Friday,20 October, 2017
Current issue | Issue 1129, 3 - 9 January 2013
Friday,20 October, 2017
Issue 1129, 3 - 9 January 2013

Ahram Weekly

For freedom of the press

Against a background of growing threats to freedom of expression, Egypt’s journalists and writers are continuing their battle to guarantee media freedom, writes Ahmed Morsy

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Al-Ahram Weekly

Newspaper chief editors and writers, as well as the chairmen of a few private satellite channels, held their second meeting at the headquarters of the independent Al-Watan newspaper on Friday to discuss ways of responding to the current attacks targeting the press and media. The meeting was part of a series organised by the Press Syndicate board and the National Committee for Defending Freedom of Expression.
The assembled writers, through the recently-founded Front for Defending Freedom of Expression, also launched a campaign earlier this week designed to counteract what they called the intimidation used by conservative Islamists that could, the intellectuals said, return the country to the restrictive media atmosphere that prevailed under ousted former president Hosni Mubarak.
The front’s first meeting was held at the headquarters of the liberal Wafd Party on 21 December, and Al-Fagr newspaper will host the next meeting, due to be held on Saturday. Front members issued a statement following their second meeting called “In Defence of the Citizen’s Right to a Free Media”, which was distributed by Deputy Chairman of the Press Syndicate Gamal Fahmi during a press conference.
“In the light of the systematic attacks targeting the media and aiming at silencing all voices that oppose political despotism under the name of religion, independent and aligned newspaper chief editors and the chairmen of private satellite channels, together with a number of members of the Press Syndicate, met to discuss how to respond to this dictatorship campaign,” the statement read.
According to the statement, the attendees expressed their rejection of the new constitution, approved by 63.8 per cent of those voting in the recent referendum, which they said was prepared by an Islamist-dominated assembly that did not reflect the diversity of the Egyptian people and the multiplicity of its intellectual beliefs.
As a result, the constitution violated public and private freedoms, particularly the freedom of opinion and belief and the freedom of the press and media, and it violated principles of social justice, the statement said.
The statement stressed the importance of drawing up a list of those considered to be the enemies of the media and public freedoms, such that newspapers and satellite channels could coordinate to confront them professionally and legally. A committee was assigned to take legal measures against anyone involved in incitement against journalists and media professionals, the statement added.
“We formed a committee of media figures Hamdi Kandil, Salah Eissa and Hussein Abdel-Razek, in addition to lawyer Abdallah Khalil and media expert Yasser Abdel-Aziz, in order to develop alternative guarantees for the freedom of the press and the media and secure their independence,” Fahmi told Al-Ahram Weekly.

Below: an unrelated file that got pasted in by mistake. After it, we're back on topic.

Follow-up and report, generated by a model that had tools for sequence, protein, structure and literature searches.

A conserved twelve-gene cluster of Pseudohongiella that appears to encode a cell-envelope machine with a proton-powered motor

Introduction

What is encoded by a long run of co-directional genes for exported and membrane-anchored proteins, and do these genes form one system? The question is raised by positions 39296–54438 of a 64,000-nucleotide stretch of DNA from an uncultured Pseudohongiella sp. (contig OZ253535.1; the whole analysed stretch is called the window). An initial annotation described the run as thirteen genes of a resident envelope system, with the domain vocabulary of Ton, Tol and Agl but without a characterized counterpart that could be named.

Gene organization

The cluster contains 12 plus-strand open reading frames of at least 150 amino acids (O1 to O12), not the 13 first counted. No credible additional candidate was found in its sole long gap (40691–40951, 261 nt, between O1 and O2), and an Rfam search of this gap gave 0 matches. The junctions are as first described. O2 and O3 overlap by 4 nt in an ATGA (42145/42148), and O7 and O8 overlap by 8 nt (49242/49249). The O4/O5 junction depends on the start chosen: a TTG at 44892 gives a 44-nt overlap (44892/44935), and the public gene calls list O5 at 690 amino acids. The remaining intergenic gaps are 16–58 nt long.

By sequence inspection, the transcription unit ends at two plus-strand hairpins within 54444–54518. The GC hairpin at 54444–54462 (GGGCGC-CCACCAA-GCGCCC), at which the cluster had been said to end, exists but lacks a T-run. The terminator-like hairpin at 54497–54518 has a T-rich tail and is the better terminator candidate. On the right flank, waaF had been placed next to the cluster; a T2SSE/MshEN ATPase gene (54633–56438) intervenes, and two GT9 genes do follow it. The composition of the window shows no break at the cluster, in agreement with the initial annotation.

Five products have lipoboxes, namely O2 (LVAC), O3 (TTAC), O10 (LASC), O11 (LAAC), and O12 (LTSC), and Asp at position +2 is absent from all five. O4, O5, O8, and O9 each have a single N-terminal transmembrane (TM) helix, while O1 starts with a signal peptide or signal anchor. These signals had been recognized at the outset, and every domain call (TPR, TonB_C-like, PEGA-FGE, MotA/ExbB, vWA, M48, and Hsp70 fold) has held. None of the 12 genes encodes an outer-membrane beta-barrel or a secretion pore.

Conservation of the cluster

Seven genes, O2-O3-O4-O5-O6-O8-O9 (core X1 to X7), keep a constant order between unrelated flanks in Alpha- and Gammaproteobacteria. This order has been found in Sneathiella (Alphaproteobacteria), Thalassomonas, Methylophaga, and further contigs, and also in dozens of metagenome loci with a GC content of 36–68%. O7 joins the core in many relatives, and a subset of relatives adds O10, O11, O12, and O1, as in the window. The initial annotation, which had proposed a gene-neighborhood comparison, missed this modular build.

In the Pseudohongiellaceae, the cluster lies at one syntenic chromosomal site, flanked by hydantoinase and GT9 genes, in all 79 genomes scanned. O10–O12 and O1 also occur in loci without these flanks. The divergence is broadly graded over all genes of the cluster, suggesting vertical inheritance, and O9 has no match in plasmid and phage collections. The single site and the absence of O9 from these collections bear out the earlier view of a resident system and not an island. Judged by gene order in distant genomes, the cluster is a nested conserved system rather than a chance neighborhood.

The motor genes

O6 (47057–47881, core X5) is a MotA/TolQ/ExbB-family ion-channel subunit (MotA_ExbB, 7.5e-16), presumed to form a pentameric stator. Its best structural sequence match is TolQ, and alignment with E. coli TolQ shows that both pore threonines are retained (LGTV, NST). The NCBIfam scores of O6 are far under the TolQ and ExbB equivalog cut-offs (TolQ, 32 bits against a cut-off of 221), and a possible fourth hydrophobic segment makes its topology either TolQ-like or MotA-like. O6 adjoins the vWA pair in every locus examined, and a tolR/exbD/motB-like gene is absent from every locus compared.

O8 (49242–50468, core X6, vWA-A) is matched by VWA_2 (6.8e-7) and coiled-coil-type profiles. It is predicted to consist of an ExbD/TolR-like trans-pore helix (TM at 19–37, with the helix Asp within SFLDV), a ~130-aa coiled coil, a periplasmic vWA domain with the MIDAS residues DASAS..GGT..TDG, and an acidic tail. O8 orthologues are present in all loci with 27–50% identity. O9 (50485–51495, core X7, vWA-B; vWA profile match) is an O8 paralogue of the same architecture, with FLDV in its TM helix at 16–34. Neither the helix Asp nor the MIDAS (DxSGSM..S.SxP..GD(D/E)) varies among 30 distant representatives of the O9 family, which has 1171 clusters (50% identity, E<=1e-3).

“Freedoms are at risk under the rule of the Muslim Brotherhood, and we are seeing an unprecedented crisis facing media freedom,” Fahmi said, referring to last month’s attack on the headquarters of the Wafd Party and the Islamists’ sit-in that cordoned off the Media Production City, as well as the hostile statements made by Islamist preachers against media freedom.
Meanwhile, Doaa Al-Adl, a cartoonist at the Al-Masry Al-Youm newspaper, has been questioned by Prosecutor-General Talaat Abdallah on charges of insulting the prophet Adam. Published on 20 December, a cartoon by Al-Adl depicted Adam and Eve standing on a cloud and underneath an apple tree, while a figure with angel wings and a halo standing in front of them said that the couple would never have been expelled from heaven if they had voted “yes” in the referendum.
Following a wave of public criticism, the newspaper removed the cartoon from its online publication. Al-Adl said the decision to remove the cartoon came after several people had posted scathing comments referring to the drawing on its website.
Khaled Al-Masri, a Salafi lawyer who sued Al-Adl, also sued Naguib Sawiris, the owner of Al-Masry Al-Youm in his complaint filed two weeks ago. Al-Masri said that “the portrayal of the prophets is a red line that we will not tolerate being crossed.”
In response, Al-Adl said that “anyone who tries to draw someone with a beard will now have it interpreted as an attack on religion.” She also highlighted the recent accusations made against satirist Bassem Youssef and TV presenter Ibrahim Eissa.
Youssef, popularly dubbed the Middle East’s Jon Stewart and host of the satirical TV show “Al-Bernameg” (The Programme) also faces investigation after a lawyer filed a complaint earlier last month accusing him of insulting President Mohamed Morsi. The case against Youssef is the latest in a series of lawsuits targeting journalists and bloggers over recent months that threaten to undermine freedom of expression in Egypt, according to Fahmi.
Earlier, a complaint had been filed by former member of Islamic Jihad Ismail against prominent opposition talk show host Eissa, accusing him of blasphemy. Ismail alleged that Eissa, an outspoken critic of Morsi and the Muslim Brotherhood, had mocked verses of the Quran in an episode of his show “Hona Al-Qahera” broadcast in November on the privately owned channel Al-Qahera wal-Nas.
Fahmi said that a new logo would be published in various newspapers and on TV channels starting from Wednesday emphasising the citizen’s right to a genuinely independent media. Prominent columnists and talk-show hosts would support the campaign in order to guarantee its success, he added.